Contact With Time Dilation

Contact is a movie that poses an array of questions: is there life outside our solar system or even galaxy, how do we make contact with extraterrestrials, are wormholes real, how much does science conflict with religion, and more. The question focused on here however is how time dilation affects someone going through a wormhole. After a suicide bomber destroys the first machine, Ellie is sent to board the second one in Japan, not knowing what will actually happen. As she experiences some crazy movements, sounds, and sights, she realizes she is passing through a wormhole, if not a series of them. Going through a wormhole at close to the speed of light is the quickest and most efficient method of intergalactic, though it hasn't been achieved in real life yet. When she gets back, the scientists say they only lost contact with Ellie for a fraction of a second, making it seem like she didn't even go anywhere. However, she experienced some 18 hours of travel, recorded by static on her headset. But is this correct?
The "Twin Paradox" explores what would happen if a pair of twins were separated, one still on Earth, one sent to space, and then reunited. Because of time dilation, which occurs in a non-inertial reference frame, one of them would experience time differently. It's not a paradox because the twin on Earth would be in an inertial reference frame experiencing time as it is, aging at a normal rate. The other is not as they are accelerating, causing them to experience time slower, coming back younger compared to their sibling.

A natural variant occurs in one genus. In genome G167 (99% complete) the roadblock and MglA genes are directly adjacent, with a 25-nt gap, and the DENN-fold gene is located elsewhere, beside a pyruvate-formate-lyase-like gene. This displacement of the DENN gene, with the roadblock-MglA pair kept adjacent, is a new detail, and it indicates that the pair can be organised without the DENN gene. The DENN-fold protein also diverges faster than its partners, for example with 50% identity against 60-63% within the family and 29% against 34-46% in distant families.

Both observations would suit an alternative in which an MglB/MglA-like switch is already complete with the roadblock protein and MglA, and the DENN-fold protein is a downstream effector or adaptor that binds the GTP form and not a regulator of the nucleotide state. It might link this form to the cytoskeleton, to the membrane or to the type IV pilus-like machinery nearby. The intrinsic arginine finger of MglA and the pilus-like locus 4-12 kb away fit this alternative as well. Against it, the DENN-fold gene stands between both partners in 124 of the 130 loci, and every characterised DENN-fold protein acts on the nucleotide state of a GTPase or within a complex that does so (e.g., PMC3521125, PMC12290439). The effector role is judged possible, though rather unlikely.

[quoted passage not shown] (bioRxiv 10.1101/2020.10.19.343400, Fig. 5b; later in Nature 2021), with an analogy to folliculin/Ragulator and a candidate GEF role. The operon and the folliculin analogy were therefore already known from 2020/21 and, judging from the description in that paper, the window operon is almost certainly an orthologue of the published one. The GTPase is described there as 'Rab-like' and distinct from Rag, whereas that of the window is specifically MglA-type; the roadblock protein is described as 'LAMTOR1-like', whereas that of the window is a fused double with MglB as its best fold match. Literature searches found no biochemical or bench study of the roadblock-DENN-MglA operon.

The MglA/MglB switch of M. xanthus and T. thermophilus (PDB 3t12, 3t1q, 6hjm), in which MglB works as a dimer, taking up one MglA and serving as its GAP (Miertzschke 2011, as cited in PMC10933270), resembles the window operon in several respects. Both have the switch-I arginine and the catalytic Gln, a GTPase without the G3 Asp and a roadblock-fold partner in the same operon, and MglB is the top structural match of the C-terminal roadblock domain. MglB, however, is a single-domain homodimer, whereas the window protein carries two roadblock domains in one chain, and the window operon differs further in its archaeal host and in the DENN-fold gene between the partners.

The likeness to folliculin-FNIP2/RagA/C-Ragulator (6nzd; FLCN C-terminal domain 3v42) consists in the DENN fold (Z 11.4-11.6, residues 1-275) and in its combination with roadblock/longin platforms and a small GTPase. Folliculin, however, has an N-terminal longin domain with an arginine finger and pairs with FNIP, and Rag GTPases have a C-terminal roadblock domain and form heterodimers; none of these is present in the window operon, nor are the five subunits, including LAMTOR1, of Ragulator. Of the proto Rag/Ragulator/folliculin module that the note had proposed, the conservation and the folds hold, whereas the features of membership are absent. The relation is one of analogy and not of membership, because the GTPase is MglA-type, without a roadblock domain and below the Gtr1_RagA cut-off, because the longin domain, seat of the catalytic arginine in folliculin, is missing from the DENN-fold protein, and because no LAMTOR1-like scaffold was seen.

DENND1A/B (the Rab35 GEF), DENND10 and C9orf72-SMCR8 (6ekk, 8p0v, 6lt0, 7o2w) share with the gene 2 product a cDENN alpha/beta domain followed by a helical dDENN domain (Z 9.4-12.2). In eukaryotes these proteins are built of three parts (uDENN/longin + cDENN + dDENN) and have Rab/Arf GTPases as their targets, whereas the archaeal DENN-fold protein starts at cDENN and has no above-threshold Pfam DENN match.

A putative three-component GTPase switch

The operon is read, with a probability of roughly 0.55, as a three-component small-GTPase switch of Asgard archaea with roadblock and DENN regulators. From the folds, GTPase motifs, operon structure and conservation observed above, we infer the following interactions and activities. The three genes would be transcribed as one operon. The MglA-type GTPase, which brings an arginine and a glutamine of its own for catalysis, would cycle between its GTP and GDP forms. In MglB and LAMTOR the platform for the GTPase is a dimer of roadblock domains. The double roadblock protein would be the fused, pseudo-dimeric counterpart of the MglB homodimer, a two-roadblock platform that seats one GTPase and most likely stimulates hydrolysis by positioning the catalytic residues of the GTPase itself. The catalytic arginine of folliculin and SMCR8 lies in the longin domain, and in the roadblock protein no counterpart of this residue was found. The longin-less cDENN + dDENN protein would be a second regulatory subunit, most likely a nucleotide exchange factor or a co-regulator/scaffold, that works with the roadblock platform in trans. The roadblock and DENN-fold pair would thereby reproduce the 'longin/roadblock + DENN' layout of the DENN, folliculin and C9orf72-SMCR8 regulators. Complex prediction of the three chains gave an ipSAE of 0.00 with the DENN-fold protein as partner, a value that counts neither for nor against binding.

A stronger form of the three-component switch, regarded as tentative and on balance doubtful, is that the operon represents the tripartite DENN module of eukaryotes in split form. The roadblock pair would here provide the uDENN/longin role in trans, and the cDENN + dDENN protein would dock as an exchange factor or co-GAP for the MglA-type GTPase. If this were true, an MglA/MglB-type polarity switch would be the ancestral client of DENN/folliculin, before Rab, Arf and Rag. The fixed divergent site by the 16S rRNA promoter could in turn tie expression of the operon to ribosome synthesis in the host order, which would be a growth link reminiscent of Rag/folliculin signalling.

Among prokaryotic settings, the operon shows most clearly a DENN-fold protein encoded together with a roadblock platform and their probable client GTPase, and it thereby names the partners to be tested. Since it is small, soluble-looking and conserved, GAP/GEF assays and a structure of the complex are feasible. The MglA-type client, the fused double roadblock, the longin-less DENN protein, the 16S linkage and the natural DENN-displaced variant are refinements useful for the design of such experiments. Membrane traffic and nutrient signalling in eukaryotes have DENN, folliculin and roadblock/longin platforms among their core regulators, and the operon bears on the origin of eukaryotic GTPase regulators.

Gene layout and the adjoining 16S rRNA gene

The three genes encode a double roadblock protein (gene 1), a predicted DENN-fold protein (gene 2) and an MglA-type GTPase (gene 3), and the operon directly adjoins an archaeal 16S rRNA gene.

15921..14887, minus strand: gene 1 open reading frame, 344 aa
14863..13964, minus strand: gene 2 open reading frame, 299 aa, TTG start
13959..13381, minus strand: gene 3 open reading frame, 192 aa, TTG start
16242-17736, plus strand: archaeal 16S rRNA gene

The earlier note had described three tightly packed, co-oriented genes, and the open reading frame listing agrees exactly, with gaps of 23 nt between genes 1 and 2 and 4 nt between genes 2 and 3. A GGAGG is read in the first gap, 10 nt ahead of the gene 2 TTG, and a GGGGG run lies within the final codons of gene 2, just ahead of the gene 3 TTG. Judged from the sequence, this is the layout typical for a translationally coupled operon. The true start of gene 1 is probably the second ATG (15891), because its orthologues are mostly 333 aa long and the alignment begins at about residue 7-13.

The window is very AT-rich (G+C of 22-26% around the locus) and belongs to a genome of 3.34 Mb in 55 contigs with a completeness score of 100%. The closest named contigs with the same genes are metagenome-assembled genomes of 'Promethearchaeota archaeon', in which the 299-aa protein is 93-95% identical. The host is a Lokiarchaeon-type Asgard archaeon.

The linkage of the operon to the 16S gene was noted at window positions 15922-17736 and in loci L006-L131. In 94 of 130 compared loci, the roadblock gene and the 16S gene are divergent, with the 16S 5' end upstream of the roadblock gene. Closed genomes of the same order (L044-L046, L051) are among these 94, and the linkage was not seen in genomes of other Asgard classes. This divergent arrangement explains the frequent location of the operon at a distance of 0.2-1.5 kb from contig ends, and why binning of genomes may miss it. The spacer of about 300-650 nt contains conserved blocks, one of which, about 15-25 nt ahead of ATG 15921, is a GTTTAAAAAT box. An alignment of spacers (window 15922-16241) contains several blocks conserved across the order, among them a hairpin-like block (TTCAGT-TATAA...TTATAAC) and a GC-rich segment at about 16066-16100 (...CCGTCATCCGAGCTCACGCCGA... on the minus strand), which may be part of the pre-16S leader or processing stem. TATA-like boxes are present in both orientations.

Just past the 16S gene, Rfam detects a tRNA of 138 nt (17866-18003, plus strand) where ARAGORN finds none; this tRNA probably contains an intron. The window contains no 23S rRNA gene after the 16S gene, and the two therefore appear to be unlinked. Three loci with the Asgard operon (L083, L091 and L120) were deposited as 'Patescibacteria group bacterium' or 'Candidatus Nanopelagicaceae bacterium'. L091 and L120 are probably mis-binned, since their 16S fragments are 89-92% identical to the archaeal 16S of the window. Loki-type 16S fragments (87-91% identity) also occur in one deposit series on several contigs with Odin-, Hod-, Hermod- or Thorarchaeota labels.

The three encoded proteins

So in the case of Ellie's space travel, since she is the one not in an inertial reference frame, accelerating to reach nearly the speed of light, she should experience time slower, not faster. So rather than it looking like she left and came back in a flash while she felt it as 18 hours, it should be the other way around. I'm not sure how long she would've actually been gone for, but Palmer did get it correct when he told Ellie everyone she knew and loved would be dead and gone by the time she got back because of special relativity and time dilation. So in the interest of the movie and special effects, it did look cool that she experienced all that so quickly in Earth time, but it's not quite as accurate as the movie's other physics.


  1. This is a nice post. The inclusion of a wormhole (a feature of General Relativity) actually complicates things, which is why in the assignment I suggested you stick to Special Relativity.


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